I’m embarrassed to admit that I lived for 29 years without visiting LA. I grew up on the East Coast, spoiled by the nearby New York City and content to explore the gems of Boston in my own backyard. Later, when I went to university in Vermont, if I was not frolicking in the snow on a secluded mountain, I was shopping (Underground City!) or eating (poutine!) or dancing (drinking age!) in the nearby city of Montreal. When I turned 22, I moved to Europe, and shifted my focus to exploring as many European cities as possible. Prague, Cologne, Milan, Paris, Berlin, Bruges, Istanbul, London, Stockholm, Copenhagen, Amsterdam, Edinburgh, Dublin . . . I am proud to say that the list goes on and on. However, up until recently, my travels were admittedly quite European-centric. I did go to San Diego, California once when I was a kid, where I was traumatized by a popsicle incident. We were spending the day at Sea World, and had just seated ourselves at the porpoise show, where a small child sitting behind proceeded to drop a large chunk of his chocolate Shamu popsicle down my back. It slid into my khaki shorts where it left a big, brown poop-like stain. I had to walk around all day in the smoldering heat, looking like I shat myself at a seal show. And that’s all I really remember about California, other than the numerous signs warming of snakes, and big, dirt-like mountains. So I never really had a desire to go back to the West Coast, even though lumping together and generalizing my distaste for three coastal states (one of which is 800 miles long), based on an unfortunate incident with a Shamu popsicle, was somewhat naïve. However, this past year on numerous occasions, my work travels brought be back to the West Coast, and one of those stops just so happened to be LA. Side note: I actually applied to jobs in LA when I stopped working at Sid Lee! I’m definitely ready to live in a warmer climate (sorry, Amsterdam), and LA is a great North American hub for advertising. Alas, LA was meant to be in my life in a different capacity at this time, and so serendipitously, I ventured there for a shoot with my new job at Booking.com. So let me tell you a little about LA . . . Continue reading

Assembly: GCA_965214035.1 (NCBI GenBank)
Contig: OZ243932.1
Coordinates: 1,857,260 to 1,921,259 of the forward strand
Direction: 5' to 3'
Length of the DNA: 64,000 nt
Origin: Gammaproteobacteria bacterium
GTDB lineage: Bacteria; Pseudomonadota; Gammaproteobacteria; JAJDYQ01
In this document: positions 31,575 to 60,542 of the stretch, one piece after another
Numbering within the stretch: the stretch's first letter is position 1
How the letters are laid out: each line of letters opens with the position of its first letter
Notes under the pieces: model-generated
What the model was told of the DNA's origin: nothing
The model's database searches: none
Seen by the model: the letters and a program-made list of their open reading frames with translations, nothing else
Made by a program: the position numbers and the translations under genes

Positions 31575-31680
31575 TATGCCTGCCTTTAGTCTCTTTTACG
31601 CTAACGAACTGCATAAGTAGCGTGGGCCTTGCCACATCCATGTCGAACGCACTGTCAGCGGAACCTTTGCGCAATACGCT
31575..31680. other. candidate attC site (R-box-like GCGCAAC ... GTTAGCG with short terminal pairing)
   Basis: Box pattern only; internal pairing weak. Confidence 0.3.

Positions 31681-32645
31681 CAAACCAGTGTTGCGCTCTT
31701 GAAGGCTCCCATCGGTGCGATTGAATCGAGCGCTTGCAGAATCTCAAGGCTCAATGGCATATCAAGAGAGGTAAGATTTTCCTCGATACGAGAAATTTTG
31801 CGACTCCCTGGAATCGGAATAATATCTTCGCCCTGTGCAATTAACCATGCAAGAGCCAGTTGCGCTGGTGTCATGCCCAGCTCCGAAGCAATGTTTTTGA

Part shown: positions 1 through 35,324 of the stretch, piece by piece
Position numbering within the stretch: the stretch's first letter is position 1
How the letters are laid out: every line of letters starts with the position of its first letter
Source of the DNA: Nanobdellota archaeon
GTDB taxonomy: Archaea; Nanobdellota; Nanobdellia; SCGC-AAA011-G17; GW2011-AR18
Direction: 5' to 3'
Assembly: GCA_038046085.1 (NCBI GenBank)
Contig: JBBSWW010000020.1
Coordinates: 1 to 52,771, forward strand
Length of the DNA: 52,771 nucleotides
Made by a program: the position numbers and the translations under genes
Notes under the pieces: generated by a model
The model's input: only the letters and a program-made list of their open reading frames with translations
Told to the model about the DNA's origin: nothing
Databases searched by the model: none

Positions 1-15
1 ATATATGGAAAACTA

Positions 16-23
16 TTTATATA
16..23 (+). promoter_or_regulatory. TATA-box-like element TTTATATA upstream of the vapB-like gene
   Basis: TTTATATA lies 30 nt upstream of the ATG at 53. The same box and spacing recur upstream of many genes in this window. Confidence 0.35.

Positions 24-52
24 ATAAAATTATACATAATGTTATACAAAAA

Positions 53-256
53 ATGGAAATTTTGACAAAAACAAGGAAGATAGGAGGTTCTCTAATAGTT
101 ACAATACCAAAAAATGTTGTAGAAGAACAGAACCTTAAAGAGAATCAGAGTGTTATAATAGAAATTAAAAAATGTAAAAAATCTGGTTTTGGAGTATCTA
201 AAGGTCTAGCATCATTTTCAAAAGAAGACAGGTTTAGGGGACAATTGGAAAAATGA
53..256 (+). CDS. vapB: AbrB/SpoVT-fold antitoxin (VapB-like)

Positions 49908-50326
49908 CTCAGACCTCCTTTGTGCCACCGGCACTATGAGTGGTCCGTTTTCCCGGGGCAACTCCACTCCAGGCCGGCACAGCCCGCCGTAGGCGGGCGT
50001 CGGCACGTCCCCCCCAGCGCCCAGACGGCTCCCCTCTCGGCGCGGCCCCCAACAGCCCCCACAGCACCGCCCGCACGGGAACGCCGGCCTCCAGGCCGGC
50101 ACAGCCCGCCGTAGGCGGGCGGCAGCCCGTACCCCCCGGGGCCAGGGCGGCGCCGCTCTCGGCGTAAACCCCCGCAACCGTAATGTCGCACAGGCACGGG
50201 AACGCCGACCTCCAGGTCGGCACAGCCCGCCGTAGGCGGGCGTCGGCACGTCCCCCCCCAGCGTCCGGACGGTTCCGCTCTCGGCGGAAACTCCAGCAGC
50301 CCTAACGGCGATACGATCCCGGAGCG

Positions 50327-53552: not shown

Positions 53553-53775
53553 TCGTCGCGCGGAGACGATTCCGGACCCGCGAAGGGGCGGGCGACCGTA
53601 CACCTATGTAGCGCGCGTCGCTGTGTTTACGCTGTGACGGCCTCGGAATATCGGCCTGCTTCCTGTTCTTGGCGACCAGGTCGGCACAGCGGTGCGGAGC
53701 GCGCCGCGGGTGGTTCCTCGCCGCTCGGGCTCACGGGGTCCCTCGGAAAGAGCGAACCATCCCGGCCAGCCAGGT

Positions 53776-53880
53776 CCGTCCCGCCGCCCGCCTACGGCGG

While in Maine I tend to live on oysters and lobster. Social gatherings almost always involve wine, a terrace, and a platter of icy cold saltwater clams. And while oysters are a social treat, I find lobster to be a very comforting food. Lobster tastes like childhood, like summertime, and like home. If given a choice, I would happily dine at a seaside lobster shack every single night of the week. For this reason, rarely do I step it up in the culinary department while in Maine. I can get hearty meals with delightful flavors in Amsterdam, so I tend to stick with the seasonal Maine delicacies you can only find in New England – lobster by the bucket, sweet corn on the cob, oysters, wild Maine blueberries . . . yum!
However, when the lovely Amie invited me to the East Ender in Portland for her birthday, I was excited to give it a go. The East Ender is slightly more fancy than the dinning experiences I’m used to in Maine (think picnic benches and ketchup packets) but they still have that fresh farm to table Maine flavor I love. Amie is an excellent friend, and I have to say, she has excellent taste as well!
The space at the East Ender is adorable. It captures Portland’s historic seaside charm, with bright pops of blue, exposed brick walls, nautical menus, and twinkling fairy lights. Continue reading